In May 1979, Amend was looking for offloading sites near Charleston, South Carolina. By this time, Bradford had formed his own independent "offload business." Amend hired him to provide his services for a single 25,000 pound shipment into South Carolina to occur in June. Enno Brouwer testified that Amend had instructed him to go to Dominica to await instructions. In Dominica, she directed him to meet the mother ship, "The Golden Promise," which Fillingham owned. Amend paid Fillingham $140,000 for the use of the vessel. Fillingham testified that he picked up the marijuana in Columbia and took it to Dominica, where he met Amend and Kilpatrick. The marijuana was then distributed among four sailboats. Amend hired two crew members for one of the vessels and with Kilpatrick obtained Dennis Drum's services to take the "Venganza" to Tortola. Kilpatrick subsequently directed Drum to move the boat to Dominica. Fillingham testified that he and Amend owned two of the boats, the "Venganza" and the "Scandal."


Kilpatrick informed Bradford that the marijuana would arrive at Port Royal Sound, South Carolina on three boats instead of on one as originally planned.2 Bradford told Kilpatrick that his fee would be $1 million for this riskier plan. Kilpatrick replied that he would have to check with Amend. Kilpatrick later agreed to the new terms.


The "Scandal," carrying 7,000 pounds of marijuana, arrived on June 3, 1979. The second, the "Serena," carrying 7,500 pounds, arrived on June 12, 1979. Amend, however, was not present at Port Royal Sound for the arrival or unloading of either boat. The third sailboat, the "Venganza," sank off the Georgia coast. Immediately after the sinking, Kilpatrick, Bradford and another man went to Georgia to find out what had happened. One of the crewmen of the "Venganza" testified that he was hired by and received instructions from Amend and Kilpatrick. An attorney, Mark Singer, testified that Kilpatrick contacted him to represent the crew arrested from the "Venganza."

The "Super Bowl Sunday" Scheme


Bradford was again hired as a contract offloader for a shipment of approximately 20,000 to 22,000 pounds of marijuana due to come into South Carolina on Sunday, January 20, 1980.3 Bradford sent his wife, Patrice, to St. Barts, where she met Amend and Fillingham. Patrice and Amend then went to Aruba, where Patrice acted as an interpreter between Amend and Gustavos Diaz. Bradford later sent John Black to Guadeloupe, where Amend instructed him to deliver the coordinates of the offload site to the captain of the "Dutch Treat," which would carry the shipment to South Carolina.


Prior to the shipment, Bradford arranged accommodations for Amend and Tony Locke on Seabrook Island. Allen Patterson, a contract "offloader," testified that Locke acted "in the same capacity that Jerry Kilpatrick had, he was going to be there at the unload and help and supervise and generally make sure we didn't steal any of the marijuana." He also testified that when a Coast Guard ship almost discovered the "Dutch Treat," Amend excitedly remarked, " 'You got to do something, that's my boat and my crew and my load, what are you going to do?' " Another participant testified that Amend owned the marijuana and directed activities in general. The "Dutch Treat" safely unloaded approximately 22,000 pounds of marijuana on January 20, 1980.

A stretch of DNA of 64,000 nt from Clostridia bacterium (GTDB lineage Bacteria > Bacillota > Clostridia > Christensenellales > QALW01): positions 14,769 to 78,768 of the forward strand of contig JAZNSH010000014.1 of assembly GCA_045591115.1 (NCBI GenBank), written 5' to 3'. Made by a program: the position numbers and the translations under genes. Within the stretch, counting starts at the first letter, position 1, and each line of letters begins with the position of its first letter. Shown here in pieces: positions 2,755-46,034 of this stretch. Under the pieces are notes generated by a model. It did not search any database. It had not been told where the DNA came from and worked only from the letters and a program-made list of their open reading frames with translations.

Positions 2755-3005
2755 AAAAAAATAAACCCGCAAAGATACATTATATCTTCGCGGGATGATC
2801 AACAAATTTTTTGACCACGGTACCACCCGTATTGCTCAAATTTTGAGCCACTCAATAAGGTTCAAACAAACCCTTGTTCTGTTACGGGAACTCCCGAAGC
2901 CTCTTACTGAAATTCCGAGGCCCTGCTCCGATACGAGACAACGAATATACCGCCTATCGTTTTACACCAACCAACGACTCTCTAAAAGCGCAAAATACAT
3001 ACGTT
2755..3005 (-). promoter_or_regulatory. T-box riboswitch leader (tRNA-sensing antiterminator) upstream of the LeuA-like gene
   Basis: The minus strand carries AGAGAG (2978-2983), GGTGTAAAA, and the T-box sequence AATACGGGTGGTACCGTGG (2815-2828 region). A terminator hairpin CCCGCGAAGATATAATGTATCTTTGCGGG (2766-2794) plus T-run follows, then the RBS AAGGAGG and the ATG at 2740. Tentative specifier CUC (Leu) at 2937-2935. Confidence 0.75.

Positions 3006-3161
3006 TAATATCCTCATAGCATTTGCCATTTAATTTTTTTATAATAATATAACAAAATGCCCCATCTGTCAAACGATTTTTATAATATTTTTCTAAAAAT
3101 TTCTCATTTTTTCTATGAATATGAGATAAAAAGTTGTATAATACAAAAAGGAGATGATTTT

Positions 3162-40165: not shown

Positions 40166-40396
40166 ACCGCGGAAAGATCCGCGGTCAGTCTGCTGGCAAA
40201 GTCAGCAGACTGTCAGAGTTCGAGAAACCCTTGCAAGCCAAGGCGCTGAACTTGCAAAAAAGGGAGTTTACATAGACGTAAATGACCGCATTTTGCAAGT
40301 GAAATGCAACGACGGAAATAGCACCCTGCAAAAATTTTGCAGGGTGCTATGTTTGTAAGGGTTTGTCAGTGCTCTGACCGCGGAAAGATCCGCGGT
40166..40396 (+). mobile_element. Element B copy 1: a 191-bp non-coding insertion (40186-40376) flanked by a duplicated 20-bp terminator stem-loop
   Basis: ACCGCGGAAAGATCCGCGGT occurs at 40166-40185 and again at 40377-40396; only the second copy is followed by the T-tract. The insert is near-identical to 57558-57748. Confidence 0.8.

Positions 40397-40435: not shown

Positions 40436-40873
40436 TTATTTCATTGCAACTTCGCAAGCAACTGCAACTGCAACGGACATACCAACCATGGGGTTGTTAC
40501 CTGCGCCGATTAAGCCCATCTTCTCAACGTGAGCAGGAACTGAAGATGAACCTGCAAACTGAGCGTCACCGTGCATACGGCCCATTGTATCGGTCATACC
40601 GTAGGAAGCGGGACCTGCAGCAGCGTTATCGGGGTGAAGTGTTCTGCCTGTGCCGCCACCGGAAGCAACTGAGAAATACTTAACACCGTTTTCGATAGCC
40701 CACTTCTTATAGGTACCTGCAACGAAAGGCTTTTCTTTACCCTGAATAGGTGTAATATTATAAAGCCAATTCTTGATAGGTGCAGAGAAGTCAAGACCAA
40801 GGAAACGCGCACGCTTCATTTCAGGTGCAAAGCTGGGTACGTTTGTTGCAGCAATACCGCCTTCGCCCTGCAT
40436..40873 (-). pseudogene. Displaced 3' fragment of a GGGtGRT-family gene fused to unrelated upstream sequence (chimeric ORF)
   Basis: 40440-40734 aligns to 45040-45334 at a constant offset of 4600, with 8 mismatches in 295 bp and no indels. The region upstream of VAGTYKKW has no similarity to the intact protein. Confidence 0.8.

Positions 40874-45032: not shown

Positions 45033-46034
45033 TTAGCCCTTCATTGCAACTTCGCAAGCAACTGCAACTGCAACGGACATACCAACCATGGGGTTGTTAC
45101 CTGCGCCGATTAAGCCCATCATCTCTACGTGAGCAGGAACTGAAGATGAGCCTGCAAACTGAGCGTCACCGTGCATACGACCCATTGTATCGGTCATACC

In a multi-pronged attack on her conviction, Amend assigns as error the sufficiency and constitutionality of the continuing criminal enterprise count of the indictment, the denial of a bill of particulars, a motion to exclude evidence of the Mississippi conviction and a motion for acquittal, and the charge to the jury. She attacks the indictment as insufficient to allow forfeiture, the evidence as insufficient to establish the government's right to forfeiture, and the court's instructions and jury form on forfeiture as reversible error. She contends that the forfeiture order and post-judgment procedures violated her due process rights, and that she was denied a fair trial as a result of judicial bias and improper evidentiary rulings.


Some of Amend's contentions concerning the forfeiture proceedings are meritorious, and we shall consider them, infra, in greater detail. Most of her "shotgun" approach on appeal, however, is without substantial merit. First, she contends that the indictment was insufficient to charge her with a continuing criminal enterprise violation because it does not allege the elements of the crime, principally the names of the five individuals with whom she acted in concert. Alternatively, she asserts that the district court should have granted a bill of particulars setting forth this information. It has been consistently held that it is sufficient in a continuing criminal enterprise charge if the indictment tracks the statute. United States v. Lurz, 666 F.2d 69, 78 (4th Cir.1981), cert. denied, 455 U.S. 1005, 102 S.Ct. 1642, 71 L.Ed.2d 874 (1982); United States v. Sperling, 506 F.2d 1323, 1344 (2d Cir.1974), cert. denied, 420 U.S. 962, 95 S.Ct. 1351, 43 L.Ed.2d 439 (1975). Count Nine of Amend's indictment in this case charged that Amend: